I’d packed Emma off to meet her fate in exchange for a weekend of cheap wine and bad sex. Carol and I, we’d been struggling. Our relationship had grown weak and strained. I had been tempted by another, and while I had not succumbed to the sins of the flesh, my emotional distance had caused fractures. Carol had been sure they could be mended, but Emma’s illness drove a solid wedge between us. Our reconnection, long overdue, was now irreversibly shattered.

“Will you at least try to go back to classes this week?” I asked her, hovering by the lounger.

She shrugged and chewed a fingernail. 

“What’s the point?”

I inhaled sharply, ready to argue, but she turned and fixed her eyes on mine.

“Don’t. Please. I know what you’re going to say and I get it, I really do, but I’m just so goddamn tired right now. I don’t want us to fight. You don’t know what it’s like for me. You’ll never know.”

She saw my expression, and continued quickly. 

“I’m sorry, Dad, I didn’t mean to upset you. I’ll do what I can, but no promises. Okay?” 

I nodded silently. I didn’t want to fight either. 

“I’ll call you tomorrow,” I told her, and kissed her gently on her good cheek.  

Carol rose, held out her arms as if to hug me. I side-stepped her embrace. I paused as I passed her and spoke softly so as to make sure Emma could not hear. 

“I’m going to fix this, Carol. I’m going to put things right.”

She looked puzzled, and who could blame her? She’d lost hope many months ago. The world she’d once known had betrayed her and revealed itself to be cruel and harsh. 

The garden gate swung shut behind me. The latch clicked into place with heavy certainty. 

At home, I immersed myself in research, re-reading notes I’d scribbled in my notebook. Leather bound and heavy, it was a gift from Emma many years ago. She’d told me to write my magnum opus in it, to craft a masterpiece. Each time I’d tried to put my pen to paper, I’d been gripped by fear. There were no words inside of me which felt good enough to share.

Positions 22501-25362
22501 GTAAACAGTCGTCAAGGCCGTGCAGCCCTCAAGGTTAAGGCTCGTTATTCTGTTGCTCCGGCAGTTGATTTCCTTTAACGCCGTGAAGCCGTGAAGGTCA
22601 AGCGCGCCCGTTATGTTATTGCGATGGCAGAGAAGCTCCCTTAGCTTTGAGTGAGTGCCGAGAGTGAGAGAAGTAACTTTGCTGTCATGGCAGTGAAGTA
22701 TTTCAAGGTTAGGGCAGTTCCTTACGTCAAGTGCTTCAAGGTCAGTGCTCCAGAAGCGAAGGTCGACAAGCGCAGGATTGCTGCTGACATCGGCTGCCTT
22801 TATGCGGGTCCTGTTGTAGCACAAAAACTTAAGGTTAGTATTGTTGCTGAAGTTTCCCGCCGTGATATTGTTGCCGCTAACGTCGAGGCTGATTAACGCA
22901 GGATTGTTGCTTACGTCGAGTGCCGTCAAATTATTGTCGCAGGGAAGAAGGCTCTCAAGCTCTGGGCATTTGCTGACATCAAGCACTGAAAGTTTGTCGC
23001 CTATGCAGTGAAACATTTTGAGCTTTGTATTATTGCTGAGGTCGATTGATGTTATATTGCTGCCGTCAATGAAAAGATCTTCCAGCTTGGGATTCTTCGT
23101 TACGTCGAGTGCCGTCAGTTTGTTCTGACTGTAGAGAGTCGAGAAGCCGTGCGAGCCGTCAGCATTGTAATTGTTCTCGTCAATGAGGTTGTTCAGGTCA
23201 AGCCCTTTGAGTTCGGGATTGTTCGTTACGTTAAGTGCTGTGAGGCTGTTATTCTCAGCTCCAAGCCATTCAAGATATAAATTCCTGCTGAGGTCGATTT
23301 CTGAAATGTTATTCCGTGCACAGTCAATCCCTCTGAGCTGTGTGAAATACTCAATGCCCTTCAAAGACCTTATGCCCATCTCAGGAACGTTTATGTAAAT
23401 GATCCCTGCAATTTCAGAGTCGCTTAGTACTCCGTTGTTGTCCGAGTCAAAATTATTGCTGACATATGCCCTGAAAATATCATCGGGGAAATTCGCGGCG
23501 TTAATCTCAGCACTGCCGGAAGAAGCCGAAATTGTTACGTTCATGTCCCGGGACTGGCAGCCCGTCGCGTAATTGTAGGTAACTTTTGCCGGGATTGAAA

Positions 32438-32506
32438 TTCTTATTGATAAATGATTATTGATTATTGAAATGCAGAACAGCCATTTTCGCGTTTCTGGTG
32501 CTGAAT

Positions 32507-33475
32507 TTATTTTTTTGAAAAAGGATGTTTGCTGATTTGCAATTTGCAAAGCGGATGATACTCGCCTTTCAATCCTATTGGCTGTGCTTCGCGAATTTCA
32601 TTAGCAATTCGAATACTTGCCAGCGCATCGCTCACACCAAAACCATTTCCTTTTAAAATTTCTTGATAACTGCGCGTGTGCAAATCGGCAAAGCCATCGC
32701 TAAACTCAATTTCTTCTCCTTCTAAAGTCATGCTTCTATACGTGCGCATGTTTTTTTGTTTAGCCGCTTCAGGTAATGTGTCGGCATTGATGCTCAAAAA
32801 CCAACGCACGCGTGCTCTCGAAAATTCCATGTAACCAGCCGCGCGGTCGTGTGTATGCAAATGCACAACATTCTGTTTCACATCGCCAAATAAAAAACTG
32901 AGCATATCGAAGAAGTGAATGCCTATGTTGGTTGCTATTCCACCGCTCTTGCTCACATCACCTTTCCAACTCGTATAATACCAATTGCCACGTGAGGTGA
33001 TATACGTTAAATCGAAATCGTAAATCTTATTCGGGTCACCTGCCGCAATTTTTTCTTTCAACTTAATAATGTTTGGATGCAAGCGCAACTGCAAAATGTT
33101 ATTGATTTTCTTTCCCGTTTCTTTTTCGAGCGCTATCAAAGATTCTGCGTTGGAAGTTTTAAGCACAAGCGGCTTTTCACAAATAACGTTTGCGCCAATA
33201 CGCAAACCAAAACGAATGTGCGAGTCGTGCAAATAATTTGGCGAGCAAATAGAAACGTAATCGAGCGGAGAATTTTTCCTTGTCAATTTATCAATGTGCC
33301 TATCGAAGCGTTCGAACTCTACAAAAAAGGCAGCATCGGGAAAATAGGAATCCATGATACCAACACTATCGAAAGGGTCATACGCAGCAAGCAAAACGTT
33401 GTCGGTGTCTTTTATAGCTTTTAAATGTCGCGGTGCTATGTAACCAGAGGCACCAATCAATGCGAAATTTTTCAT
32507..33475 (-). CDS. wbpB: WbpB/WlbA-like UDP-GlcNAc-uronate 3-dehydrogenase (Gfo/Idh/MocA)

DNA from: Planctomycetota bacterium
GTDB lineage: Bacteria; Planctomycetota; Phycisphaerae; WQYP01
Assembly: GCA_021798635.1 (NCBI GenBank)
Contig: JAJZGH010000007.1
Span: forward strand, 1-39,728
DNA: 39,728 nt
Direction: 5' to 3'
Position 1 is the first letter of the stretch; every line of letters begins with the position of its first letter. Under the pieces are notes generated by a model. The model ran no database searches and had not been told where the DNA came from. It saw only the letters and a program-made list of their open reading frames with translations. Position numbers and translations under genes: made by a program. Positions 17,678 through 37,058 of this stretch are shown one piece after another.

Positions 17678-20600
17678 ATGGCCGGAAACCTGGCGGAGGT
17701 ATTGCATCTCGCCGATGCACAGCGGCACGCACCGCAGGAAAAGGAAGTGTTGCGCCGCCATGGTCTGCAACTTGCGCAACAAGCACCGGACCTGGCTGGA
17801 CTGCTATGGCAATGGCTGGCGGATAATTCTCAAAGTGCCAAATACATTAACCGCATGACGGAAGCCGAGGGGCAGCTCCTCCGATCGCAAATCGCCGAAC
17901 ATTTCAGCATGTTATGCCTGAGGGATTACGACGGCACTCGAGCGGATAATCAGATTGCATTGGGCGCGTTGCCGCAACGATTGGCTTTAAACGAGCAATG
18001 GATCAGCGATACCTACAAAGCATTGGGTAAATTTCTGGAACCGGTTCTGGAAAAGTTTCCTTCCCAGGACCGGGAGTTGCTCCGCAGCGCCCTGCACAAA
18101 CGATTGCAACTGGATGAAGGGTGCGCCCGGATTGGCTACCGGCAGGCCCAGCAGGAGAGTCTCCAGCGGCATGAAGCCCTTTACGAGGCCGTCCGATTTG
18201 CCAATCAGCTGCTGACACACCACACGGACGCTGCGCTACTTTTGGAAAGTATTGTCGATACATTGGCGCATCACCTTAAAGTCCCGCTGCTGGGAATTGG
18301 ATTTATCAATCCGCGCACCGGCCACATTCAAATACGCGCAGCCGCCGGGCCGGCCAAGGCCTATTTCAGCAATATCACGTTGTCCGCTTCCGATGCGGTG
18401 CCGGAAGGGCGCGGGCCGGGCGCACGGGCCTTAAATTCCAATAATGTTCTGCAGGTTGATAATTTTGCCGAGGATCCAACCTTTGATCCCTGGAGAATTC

Better then that these pages now held a story far more beautiful, and more hopeful, than my own. A tale that had taken almost a year to write. Her story. Her revelation. 

I drove to church that evening. The Father gave me sacrament and listened calmly to my heaving sobs, as he had so many times before. 

I had to put my trust in Him, he told me. He who had the power to resurrect his only child. To reverse death and bring new hope. We might not always understand His reasons, the old man assured me, but we must trust in His great power and His love. 

“For the flesh is but a wind that passes and comes not again. To set mind on the flesh is to know only death, while the Spirit sings of life and peace.”

I understood the Father’s words, but I knew in my heart that he was wrong. 

It was I, not He, who was her father. I had caused this misery and only I could make amends. 

It was a Friday night when I drugged them. 

The sleeping tablets were easy to administer. I arrived bearing gifts of Chinese food, and Carol was only too eager to let me stay. They both succumbed in only moments and without fuss. 

I left Carol at the table and took Emma with me upstairs. I lifted her carefully into the large, black bag; thick walls of fluid plastic, strong and not liable to tear. Regardless, I placed her in the bathtub, just in case. 

Her flesh was weak. Its imperfections poisoned her. I would release her, give her new life without such toxic thoughts. 

I covered my face as I poured the acid. The strength of it seared the midnight air. My eyes leaked, cursed by the pernicious fumes — not their usual guilt-ridden tears. I sealed her, steaming, into her soft cocoon. Her pale skin melted, her body burned. I wondered if she would remember. 

I sat in silence in the darkness, waiting for the moment she would spread her glorious wings, reborn.

This story originally appeared in Breach Magazine.

Tabatha Wood

Tabatha Wood lives in Aotearoa, New Zealand and writes weird, dark, horror fiction and the occasional uplifting poem.